A Project of The Annenberg Public Policy Center

Paul’s Injustice Inaccuracies

Sen. Rand Paul used a recent speech to Maryland Republicans partly to address injustices in the legal system. But he botched one statistic and slightly exaggerated another one.

  • Paul said: “In Ferguson, for every 100 black women, there’s 60 black men. Because the other 40 we’ve incarcerated.” But the New York Times article cited by Paul’s campaign didn’t say that. It only said that those 40 men are “missing” from daily civilian life.
  • He also said that “the arrests in Baltimore are 15-to-1 black to white for marijuana arrests.” The ratio was closer to 11.6-to-1, according to a 2013 report based on 2010 FBI crime data. What’s more, the arrest rate, which factors in the population, was actually 5.6-to-1.

Paul, a candidate for president, made those claims as the featured speaker at the Baltimore County Republican Party’s Lincoln-Reagan dinner on June 9. It’s just one of the many times he has spoken recently about a need to overhaul the U.S. criminal justice system.

‘Missing’ Black Men

Paul, near the end of his speech (around 32:30), said that “in Ferguson, for every 100 black women, there’s 60 black men. Because the other 40 we’ve incarcerated.”

Paul’s campaign told us that the claim was based on an article by the New York Times. But Paul misstated the findings in the report, which didn’t say that.

The Times, on April 20, published a report titled “1.5 Million Missing Black Men.”

“According to the Census Bureau, there were 7.046 million black men 25 to 54 who were not incarcerated in 2010 and 8.503 million black women in this category. The difference between these two figures leads to our headline of 1.5 million missing black men,” the Times wrote in an explanation of its methodology.

And Ferguson, Missouri, the Times said, has “40 missing black men for every 100 black women.” But the Times didn’t say those black men were all incarcerated.

That’s not to say that incarceration doesn’t play a big part. It does.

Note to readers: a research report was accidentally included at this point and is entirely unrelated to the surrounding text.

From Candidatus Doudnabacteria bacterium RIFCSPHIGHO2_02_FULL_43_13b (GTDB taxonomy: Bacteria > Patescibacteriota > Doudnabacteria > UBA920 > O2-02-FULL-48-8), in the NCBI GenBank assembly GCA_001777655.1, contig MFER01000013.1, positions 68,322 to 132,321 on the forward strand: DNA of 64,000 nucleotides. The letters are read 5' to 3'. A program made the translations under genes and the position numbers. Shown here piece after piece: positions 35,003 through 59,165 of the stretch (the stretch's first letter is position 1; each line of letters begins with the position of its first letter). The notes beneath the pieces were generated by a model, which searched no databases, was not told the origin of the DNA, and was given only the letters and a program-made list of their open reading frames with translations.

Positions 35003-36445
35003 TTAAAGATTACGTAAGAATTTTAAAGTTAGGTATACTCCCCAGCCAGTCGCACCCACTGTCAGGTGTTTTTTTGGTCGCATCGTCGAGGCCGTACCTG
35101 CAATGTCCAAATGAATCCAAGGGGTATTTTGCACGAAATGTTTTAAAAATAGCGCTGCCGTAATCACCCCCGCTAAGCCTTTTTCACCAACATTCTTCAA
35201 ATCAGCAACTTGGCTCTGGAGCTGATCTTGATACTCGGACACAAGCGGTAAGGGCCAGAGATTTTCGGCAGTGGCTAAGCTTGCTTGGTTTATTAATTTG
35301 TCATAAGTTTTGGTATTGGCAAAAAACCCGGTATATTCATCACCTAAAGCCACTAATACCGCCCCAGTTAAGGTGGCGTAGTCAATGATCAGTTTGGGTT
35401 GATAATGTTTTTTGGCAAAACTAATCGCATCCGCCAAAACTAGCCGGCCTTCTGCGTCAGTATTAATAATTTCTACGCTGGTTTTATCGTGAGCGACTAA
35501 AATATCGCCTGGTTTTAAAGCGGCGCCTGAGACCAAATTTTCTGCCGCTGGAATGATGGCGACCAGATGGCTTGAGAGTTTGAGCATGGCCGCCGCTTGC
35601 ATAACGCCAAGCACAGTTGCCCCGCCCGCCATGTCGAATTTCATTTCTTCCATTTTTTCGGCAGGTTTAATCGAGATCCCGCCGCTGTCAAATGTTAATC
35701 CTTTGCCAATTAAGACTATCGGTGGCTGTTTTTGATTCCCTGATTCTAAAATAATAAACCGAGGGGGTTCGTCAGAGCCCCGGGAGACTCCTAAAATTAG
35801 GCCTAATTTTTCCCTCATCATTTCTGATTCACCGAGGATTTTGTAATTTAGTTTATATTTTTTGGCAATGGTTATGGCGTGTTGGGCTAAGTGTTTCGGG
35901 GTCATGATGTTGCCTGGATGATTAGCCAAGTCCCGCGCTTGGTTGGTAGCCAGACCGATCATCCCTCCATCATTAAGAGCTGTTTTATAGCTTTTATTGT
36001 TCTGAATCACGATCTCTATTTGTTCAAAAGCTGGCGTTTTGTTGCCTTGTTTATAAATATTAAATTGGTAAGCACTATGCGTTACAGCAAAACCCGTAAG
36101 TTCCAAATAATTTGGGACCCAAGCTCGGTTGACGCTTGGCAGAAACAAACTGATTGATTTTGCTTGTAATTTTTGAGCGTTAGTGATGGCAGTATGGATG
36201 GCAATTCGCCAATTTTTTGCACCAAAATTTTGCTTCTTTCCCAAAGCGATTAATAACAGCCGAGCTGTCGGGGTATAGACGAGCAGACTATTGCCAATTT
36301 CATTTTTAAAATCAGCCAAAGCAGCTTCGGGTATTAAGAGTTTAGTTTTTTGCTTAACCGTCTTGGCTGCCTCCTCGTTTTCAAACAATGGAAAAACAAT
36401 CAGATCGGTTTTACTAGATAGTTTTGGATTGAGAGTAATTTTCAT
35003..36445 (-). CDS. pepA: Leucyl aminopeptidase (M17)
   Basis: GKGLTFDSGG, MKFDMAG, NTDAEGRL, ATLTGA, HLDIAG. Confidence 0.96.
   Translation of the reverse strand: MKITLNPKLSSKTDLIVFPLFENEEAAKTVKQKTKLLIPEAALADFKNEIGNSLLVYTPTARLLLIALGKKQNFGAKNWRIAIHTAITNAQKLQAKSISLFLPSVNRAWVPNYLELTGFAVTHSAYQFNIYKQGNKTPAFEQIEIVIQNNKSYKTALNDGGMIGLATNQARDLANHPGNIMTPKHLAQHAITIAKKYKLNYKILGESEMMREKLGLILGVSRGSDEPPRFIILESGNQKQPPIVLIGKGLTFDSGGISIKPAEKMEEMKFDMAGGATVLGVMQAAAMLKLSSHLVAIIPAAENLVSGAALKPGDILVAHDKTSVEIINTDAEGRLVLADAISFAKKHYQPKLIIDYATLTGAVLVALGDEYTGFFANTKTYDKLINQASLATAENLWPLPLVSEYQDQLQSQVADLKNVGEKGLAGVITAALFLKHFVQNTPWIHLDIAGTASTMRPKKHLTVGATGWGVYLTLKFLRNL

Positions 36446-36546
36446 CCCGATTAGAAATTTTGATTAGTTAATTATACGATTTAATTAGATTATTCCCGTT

“Using census data, we estimated that about 625,000 prime-age black men were imprisoned, compared with 45,000 black women. This gap — of 580,000 — accounts for more than one-third of the overall gap,” the Times said of the 1.5 million figure.

But other factors, such as early deaths, add to the number of “missing” men.

As the Times noted in its article, Stephen Bronars, now a partner at Edgeworth Economics, covered some of the other factors in his guest post for Forbes.com in March on why “Half Of Ferguson’s Young African-American Men Are Missing.”

Bronars, March 18: What has happened to young African American men in Ferguson? There are several possibilities. First, the Census counts only the civilian population, and excludes individuals serving in the Armed Forces. Second, tragically, some of these young men have already died. Third, Census figures do not include individuals who are incarcerated at the time of the survey. Finally, the Census Bureau may undercount homeless men, men who are marginally attached to the community, and men who are primarily engaged in criminal behavior.

The Times also referenced some of those factors in the methodology of its analysis.

So, while Paul has a point about the large number of young black men in jail, that alone is not the reason that so many are “missing” from daily life in Ferguson and other places.

Marijuana Arrests in Baltimore

Paul also pointed out that blacks are arrested more often than whites for possessing marijuana. He mentioned arrests in Baltimore specifically.

“The arrests in Baltimore are 15-to-1 black to white for marijuana arrests,” he said.

Paul’s campaign said that the statistic came from a 2013 report from the American Civil Liberties Union titled “The War on Marijuana in Black and White.” That report said that, in 2010, according to FBI crime data, blacks accounted for almost 92 percent of all arrests for marijuana possession in Baltimore City. There were 6,461 arrests of blacks and 555 arrests of whites. That’s a ratio of nearly 12-to-1, so Paul was fairly close.

But Ezekiel Edwards, director of the ACLU Criminal Law Reform Project, said that it is better to refer to the arrest rate, which accounts for population.

“The reason this is more accurate for comparing rates is that whenever one is measuring occurrences within the population, one has to adjust for population size, which is normally done per 100,000, and then one can compare likelihood within different populations,” he wrote in an email to FactCheck.org.

According to the ACLU report, in 2010, blacks in Baltimore City were 5.6 times more likely than whites to be arrested for possessing marijuana. The arrest rate for blacks was 1,622 per 100,000, and the rate for whites was 288 per 100,000.

“Looking only at total number of arrests and comparing those is useful if one wants to say that there were x times more black arrests than white arrests, but it does not tell you the difference in arrest rates because it does not take population into account,” Edwards wrote.

So Paul is correct that blacks, based purely on the numbers, were arrested far more often than whites for marijuana possession. But when looking at the rate of arrests, the gap wasn’t nearly as large.

D’Angelo Gore, with Rebecca Heilweil